4 Dec 2012, 8:36 PM
Manufacturers are being sought to take forward a pioneering project to develop a new flooring system that converts low value, sustainable Welsh hardwood and softwood into high value endgrain floor tiles.
Endgrain project manager Dylan Jones (second from left), Coed Cymru’s director David Jenkins, woodland officer Mike Richards and project assessor Ian Widdrington with some of the specialist machinery.
A three-year project, which has looked at the complete supply chain from Powys woodlands to retail outlets, is nearing completion and has shown that the endgrain tile manufacturing process is viable.
The project is the brainchild of Coed Cymru, which has received funding from the Welsh Government and European Union under the Supply Chain Efficiency Scheme, which is part of the Rural Development Plan for Wales.
Coed Cymru, an all Wales initiative to promote the management of broadleaf woodlands and the use of locally grown timber, chose the endgrain project to add value to small diameter Welsh timber – less than 30cms – which is typically used as firewood.
During an open morning at Coed Cymru in Tregynon, near Newtown, project manager Dylan Jones revealed the results of his pioneering research to a group of invited guests from the timber industry. He said Coed Cymru had now developed specialist machinery and innovative systems to produce competitively priced endgrain flooring on an industrial scale in a cost-effective way to support Welsh woodlands.
Endgrain tiles are created by slicing a tree across the grain to reveal the annual rings inside. Apart from looking good, they also use the toughest, most hardwearing part of the tree, which makes them ideal for areas with a high footfall.
The tiles can be made from most species of softwood, which provide a variety of colours, as well as making them suitable for a range of climates and conditions.
“What this project has demonstrated is that if you have the time and money to invest in research and development then it is possible to overcome engineering and supply chain problems,” said Mr Jones. “In this country, we have the engineering know how and capability, we have the small, innovative businesses who are looking to diversify and we have the raw material that we know how to work and add value to.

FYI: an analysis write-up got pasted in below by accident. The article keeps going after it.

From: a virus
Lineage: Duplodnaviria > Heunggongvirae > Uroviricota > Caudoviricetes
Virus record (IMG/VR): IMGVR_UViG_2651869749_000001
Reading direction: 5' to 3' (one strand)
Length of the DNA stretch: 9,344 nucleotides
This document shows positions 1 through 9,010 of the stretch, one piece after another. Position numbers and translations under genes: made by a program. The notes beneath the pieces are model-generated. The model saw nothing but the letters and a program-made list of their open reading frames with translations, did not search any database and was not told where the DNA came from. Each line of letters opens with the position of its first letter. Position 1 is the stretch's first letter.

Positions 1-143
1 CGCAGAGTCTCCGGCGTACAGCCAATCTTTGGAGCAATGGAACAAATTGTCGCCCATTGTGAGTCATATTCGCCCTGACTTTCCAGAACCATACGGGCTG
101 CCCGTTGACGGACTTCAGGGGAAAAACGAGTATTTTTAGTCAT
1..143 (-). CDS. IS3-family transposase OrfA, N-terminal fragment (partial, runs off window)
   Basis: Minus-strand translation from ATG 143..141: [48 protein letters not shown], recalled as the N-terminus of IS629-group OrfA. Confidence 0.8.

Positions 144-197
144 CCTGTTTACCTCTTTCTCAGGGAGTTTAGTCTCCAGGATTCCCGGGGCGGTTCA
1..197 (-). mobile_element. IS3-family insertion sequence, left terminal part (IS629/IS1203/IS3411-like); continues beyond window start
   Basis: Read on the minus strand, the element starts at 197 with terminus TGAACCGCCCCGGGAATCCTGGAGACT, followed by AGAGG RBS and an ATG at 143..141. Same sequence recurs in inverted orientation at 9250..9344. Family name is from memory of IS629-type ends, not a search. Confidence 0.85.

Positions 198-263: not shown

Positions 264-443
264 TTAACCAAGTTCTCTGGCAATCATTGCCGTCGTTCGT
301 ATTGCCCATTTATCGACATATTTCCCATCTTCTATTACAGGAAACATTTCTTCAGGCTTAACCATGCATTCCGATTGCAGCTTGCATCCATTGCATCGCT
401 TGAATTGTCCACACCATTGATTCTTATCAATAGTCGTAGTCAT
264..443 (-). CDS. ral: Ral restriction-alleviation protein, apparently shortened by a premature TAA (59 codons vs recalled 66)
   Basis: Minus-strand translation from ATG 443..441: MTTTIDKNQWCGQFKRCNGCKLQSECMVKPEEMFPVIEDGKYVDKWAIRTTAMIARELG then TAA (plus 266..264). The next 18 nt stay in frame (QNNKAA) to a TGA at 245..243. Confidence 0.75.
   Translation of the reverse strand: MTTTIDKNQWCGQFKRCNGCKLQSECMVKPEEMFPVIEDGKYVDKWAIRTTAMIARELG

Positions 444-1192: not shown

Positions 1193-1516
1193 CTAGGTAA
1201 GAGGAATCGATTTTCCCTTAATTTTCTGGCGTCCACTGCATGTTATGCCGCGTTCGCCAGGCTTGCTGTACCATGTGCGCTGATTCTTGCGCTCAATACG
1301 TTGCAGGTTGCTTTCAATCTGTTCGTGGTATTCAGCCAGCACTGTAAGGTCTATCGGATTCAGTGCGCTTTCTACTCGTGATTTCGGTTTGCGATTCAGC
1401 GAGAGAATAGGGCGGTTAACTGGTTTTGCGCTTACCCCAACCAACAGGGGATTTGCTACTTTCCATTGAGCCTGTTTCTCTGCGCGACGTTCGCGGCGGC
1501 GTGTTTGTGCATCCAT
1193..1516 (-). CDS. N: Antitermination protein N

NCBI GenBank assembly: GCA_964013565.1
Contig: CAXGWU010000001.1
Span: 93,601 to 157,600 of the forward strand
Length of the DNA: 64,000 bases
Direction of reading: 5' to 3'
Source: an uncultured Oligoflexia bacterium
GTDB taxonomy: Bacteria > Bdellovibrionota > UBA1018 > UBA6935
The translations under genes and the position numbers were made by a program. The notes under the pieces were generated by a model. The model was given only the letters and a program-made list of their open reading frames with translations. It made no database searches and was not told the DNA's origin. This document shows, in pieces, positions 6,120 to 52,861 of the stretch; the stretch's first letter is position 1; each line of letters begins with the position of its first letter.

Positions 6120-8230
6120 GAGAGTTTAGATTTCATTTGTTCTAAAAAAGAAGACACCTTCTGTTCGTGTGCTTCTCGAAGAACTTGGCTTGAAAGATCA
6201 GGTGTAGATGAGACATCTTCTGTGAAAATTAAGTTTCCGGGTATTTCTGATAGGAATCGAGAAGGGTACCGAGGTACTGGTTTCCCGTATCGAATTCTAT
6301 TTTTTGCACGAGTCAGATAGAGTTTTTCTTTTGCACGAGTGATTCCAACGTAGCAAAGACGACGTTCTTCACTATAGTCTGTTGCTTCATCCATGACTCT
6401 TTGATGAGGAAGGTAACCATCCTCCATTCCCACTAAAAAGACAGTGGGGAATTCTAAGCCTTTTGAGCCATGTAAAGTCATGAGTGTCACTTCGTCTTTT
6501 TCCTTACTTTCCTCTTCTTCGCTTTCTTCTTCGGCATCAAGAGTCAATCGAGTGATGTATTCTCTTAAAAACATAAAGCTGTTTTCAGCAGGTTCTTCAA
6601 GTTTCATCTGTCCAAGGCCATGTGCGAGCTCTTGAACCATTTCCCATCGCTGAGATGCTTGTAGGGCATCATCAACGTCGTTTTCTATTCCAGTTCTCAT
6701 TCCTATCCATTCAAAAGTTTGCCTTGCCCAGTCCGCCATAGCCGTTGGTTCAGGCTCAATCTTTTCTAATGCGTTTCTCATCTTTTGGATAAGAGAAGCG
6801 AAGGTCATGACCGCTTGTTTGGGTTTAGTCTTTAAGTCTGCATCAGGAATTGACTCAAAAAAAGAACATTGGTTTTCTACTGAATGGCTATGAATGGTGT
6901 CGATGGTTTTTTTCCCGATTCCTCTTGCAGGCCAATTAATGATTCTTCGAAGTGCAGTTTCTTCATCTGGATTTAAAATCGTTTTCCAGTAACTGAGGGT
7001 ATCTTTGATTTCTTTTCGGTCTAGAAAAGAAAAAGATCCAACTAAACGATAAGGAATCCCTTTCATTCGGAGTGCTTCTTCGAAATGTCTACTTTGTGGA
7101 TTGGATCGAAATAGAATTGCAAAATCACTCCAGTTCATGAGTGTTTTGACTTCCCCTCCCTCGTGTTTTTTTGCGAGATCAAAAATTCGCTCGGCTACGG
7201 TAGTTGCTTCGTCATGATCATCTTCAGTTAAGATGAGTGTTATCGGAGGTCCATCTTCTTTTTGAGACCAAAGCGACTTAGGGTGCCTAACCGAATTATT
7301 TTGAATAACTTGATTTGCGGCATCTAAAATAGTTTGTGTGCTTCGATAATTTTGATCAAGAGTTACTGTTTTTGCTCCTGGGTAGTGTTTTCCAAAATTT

“The next stage is to get manufacturers on board to take this forward because we know the demand is out there. It has been a privilege to be allowed to work with the Welsh timber supply chain and an eye opener to see the wealth of talent that we have within the business community in Wales. The project has renewed my belief in sustainable design through the use of Welsh timber.”
Coed Cymru has attracted widespread interest in its endgrain project from interior designers and specifiers to leading British architects. The company has also produced a test floor for BRE House in London and supplier, David Manuel from Heartwood Timber, Caersws, has produced endgrain cobbles for a scupltural park at the Tate Modern Gallery by artists Ivan and Heather Morrison.
Ian Widdrington, an assessor with the Welsh Government’s Supply Chain Efficiency Scheme, said there were opportunities for everybody in the supply chain to benefit from the project but it was critical that they worked together in partnership.
Coed Cymru’s director David Jenkins said: “What Dylan has done is a remarkable job in rationalising the manufacturing process and dealing with the weak links in the supply chain. We have the potential, which does not exist anywhere else in the world to my knowledge, to take a relatively low level material and convert it with simple technology into a high value product. It would be very disappointing if we missed the opportunity to turn this into money and jobs here in Wales.”
Local flooring manufacturer Kenton Jones said a massive domestic market would open up if the end grain tiles could be produced for between £40 and £50 a square metre. He also believes that adding value to small diameter timber will improve woodland management within Wales.